All posts tagged: memes

“La Bola de Cristal”: Puerto Rican Meme Production in Times of Austerity and Crisis

by Caroline Gil-Rodríguez Sky is a sea of darkness, when there is no sun Sky is a sea of darkness, When there is no sun to light the way When there is no sun to light the way There is no day There is no day There’s only darkness Eternal Sea of Darkness. — Sun Ra Puerto Rico, a US Territory with a population of 3.474 million people, that is neither a sovereign nation nor state of the union. The island is currently in the midst of an ongoing financial crisis with an accrued debt of over $73 billion and $49 billion in pension obligations, the largest economic insolvency in the history of the United States. The fiscal crisis has seen an abundance of meme trends that unveil the frustrations of the citizenry after decades of corruption, react to the recent imposition of a Fiscal Control Board, and draw on the island’s thorny history as a colony of the U.S. Who else, but a godless Richard Dawkins to coin the term “meme”? The evolutionary biologist and …

Erratic Copying: Consummate Memetics in the Year 2012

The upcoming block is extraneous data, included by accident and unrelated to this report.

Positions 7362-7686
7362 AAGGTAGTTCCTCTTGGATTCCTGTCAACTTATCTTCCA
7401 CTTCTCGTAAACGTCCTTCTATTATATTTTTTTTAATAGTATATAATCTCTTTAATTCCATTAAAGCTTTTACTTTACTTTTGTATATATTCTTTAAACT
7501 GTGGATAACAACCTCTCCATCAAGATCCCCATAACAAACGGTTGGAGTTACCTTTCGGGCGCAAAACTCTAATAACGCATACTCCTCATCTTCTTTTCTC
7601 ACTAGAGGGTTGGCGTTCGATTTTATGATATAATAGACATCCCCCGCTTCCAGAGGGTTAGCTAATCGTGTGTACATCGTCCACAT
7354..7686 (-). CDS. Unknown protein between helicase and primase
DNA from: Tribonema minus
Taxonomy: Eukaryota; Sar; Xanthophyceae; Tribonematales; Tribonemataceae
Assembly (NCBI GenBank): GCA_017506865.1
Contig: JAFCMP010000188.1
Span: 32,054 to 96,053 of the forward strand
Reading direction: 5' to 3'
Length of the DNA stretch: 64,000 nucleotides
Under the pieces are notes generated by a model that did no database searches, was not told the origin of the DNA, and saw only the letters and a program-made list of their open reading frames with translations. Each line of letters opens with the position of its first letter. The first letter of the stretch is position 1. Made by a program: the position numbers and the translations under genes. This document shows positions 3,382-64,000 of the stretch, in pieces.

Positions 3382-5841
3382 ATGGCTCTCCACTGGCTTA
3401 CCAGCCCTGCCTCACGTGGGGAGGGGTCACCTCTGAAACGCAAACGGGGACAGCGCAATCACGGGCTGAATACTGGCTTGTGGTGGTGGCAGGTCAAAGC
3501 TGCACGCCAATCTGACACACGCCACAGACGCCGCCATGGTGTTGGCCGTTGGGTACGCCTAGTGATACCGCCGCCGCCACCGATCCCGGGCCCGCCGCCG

Perhaps the greatest delight in teaching is watching students realize that debates are often not what they initially appear. I relished this transition in particular this fall, when my freshman working on an argumentative paper about the future of journalism began (mercifully) to drift from her original question—echoing the panicked buzz of so many alarmist headlines—“is print dead?” towards the infinitely more sophisticated “what does it mean to digest journalism digitally and how does this readership mode both continue and differ from others?” Inspired by the impending election, she asked her classmates during a draft review clinic whether she might discuss how election coverage played out online through social media—moving beyond the articles on news outlets themselves to address the ways topic circulated via Facebook walls and even enjoyed a second life as memes. The class seized enthusiastically on this question and began referencing images they had seen “reporting” the campaigns’ myriad gaffs and malapropisms. Everyone giggled when I pulled up one of my personal favorites from the recent presidential debate entitled One Meme to …